Crescent Swell Statistics, November: All Swell – Any Wind
The figure illustrates the combination of swells directed at Crescent through an average November, based on 2147 NWW3 model predictions since 2006 (values every 3 hours). The wave model does not forecast wind and surf right at the shore so we have chosen the most applicable grid node based on what we know about Crescent. In this particular case the best grid node is 103 km away (64 miles).
The rose diagram describes the distribution of swell sizes and directions, while the graph at the bottom shows the same thing but lacks direction information. Five colours show increasing wave sizes. The smallest swells, less than 0.5m (1.5 feet), high are coloured blue. These were forecast only 23% of the time. Green and yellow represent increasing swell sizes and red illustrates the largest swells, greater than >3m (>10ft). In both graphs, the area of any colour is proportional to how often that size swell occurs.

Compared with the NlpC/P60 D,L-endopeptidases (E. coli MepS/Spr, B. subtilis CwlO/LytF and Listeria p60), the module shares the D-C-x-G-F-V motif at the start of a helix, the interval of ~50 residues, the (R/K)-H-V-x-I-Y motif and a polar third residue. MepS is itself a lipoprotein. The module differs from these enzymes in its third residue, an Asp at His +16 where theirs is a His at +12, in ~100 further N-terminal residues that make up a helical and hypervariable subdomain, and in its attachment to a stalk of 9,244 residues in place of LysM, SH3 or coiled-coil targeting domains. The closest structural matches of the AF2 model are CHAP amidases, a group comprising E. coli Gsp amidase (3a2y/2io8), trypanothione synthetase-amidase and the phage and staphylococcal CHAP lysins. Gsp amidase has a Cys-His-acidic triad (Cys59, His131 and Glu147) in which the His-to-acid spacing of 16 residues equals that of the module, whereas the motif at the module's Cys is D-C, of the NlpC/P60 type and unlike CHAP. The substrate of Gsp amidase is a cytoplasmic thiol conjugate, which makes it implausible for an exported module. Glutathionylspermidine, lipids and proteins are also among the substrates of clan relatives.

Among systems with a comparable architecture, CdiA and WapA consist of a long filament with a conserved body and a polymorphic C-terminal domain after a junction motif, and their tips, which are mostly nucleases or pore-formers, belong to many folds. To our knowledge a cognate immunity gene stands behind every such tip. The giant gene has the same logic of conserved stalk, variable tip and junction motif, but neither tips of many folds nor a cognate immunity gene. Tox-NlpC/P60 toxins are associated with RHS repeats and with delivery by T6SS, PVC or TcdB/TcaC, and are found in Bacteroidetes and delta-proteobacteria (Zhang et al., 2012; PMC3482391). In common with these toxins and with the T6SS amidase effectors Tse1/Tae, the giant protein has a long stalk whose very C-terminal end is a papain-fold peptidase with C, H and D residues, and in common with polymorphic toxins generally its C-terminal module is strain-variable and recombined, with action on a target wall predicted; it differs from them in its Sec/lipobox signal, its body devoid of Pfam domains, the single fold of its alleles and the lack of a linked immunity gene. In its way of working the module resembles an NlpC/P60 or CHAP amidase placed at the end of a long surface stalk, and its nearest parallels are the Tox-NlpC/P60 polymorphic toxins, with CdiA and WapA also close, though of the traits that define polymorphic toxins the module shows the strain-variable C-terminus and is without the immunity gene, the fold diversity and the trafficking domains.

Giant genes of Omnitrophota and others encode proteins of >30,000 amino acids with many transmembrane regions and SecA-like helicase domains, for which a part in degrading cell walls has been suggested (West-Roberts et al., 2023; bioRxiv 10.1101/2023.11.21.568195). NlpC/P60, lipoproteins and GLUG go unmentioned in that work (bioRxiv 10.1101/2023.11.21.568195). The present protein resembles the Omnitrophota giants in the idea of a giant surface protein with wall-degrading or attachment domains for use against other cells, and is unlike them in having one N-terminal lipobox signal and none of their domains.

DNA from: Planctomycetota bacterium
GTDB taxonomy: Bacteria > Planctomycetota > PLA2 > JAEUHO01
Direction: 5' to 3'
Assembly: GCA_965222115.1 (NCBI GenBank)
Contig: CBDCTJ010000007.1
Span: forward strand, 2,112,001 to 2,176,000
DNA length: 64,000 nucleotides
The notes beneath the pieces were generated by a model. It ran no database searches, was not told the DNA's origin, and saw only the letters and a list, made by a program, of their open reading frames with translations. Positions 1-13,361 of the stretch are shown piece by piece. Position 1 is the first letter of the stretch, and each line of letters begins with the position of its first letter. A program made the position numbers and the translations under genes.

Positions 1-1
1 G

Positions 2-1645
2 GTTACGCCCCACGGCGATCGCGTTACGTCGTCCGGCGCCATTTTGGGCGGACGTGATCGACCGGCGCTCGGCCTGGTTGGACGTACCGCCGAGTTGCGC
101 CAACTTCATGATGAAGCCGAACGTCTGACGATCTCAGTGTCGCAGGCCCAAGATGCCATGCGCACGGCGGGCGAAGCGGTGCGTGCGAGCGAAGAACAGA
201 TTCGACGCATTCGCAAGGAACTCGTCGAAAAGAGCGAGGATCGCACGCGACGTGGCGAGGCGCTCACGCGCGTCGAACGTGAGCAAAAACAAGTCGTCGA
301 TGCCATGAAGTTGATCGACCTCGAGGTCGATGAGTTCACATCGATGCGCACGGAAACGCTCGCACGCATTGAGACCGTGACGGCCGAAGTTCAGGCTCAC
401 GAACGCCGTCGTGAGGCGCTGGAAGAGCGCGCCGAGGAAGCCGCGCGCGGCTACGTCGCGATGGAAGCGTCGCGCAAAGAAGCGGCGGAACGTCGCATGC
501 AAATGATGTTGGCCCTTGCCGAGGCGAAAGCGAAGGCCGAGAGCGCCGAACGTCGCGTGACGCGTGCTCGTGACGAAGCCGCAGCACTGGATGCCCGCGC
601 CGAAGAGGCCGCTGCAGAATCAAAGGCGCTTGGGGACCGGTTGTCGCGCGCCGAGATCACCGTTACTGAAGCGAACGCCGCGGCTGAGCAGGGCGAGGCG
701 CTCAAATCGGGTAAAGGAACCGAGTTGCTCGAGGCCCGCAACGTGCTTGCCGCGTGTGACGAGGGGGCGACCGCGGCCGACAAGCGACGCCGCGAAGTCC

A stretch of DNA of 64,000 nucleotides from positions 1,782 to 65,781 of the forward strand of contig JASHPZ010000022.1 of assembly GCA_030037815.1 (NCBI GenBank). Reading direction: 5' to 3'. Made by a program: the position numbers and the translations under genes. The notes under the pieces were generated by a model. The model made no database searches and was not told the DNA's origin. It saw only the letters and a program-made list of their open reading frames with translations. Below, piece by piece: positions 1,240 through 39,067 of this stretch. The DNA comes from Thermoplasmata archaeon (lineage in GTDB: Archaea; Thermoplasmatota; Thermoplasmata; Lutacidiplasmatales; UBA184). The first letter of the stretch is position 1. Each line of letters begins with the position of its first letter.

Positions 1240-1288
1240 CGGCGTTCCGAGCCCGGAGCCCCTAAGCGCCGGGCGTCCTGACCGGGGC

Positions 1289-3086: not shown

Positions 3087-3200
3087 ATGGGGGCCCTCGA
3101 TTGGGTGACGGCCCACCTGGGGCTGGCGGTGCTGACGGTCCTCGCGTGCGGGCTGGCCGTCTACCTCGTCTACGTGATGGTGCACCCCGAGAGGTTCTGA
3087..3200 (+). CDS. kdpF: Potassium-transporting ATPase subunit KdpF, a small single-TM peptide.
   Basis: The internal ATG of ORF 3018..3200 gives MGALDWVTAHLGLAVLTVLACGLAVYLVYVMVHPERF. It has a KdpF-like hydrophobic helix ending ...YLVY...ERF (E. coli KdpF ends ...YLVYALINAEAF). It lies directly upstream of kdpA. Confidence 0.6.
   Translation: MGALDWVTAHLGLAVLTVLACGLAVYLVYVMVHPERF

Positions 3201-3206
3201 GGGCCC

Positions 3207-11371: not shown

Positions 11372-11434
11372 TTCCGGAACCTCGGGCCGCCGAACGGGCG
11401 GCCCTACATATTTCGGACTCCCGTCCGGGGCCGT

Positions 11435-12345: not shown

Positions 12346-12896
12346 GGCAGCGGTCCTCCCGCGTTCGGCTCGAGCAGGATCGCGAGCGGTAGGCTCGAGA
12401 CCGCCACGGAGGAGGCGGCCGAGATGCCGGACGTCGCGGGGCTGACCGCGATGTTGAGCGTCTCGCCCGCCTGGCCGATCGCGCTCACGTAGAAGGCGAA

The diagram indicates that the dominant swell direction, shown by the biggest spokes, was W, whereas the the most common wind blows from the SSE. Because the wave model grid is away from the coast, sometimes a strong offshore wind blows largest waves away from Crescent and out to sea. We group these with the no surf category of the bar chart. To avoid confusion we don't show these in the rose plot. Because wind determines whether or not waves are clean enough to surf at Crescent, you can select a similar diagram that shows only the swells that were forecast to coincide with glassy or offshore wind conditions. In a typical November, swells large enough to cause surfable waves at Crescent run for about 57% of the time.
IMPORTANT: Beta version feature! Swell heights are open water values from NWW3. There is no attempt to model near-shore effects. Coastal wave heights will generally be less, especially if the break does not have unobstructed exposure to the open ocean.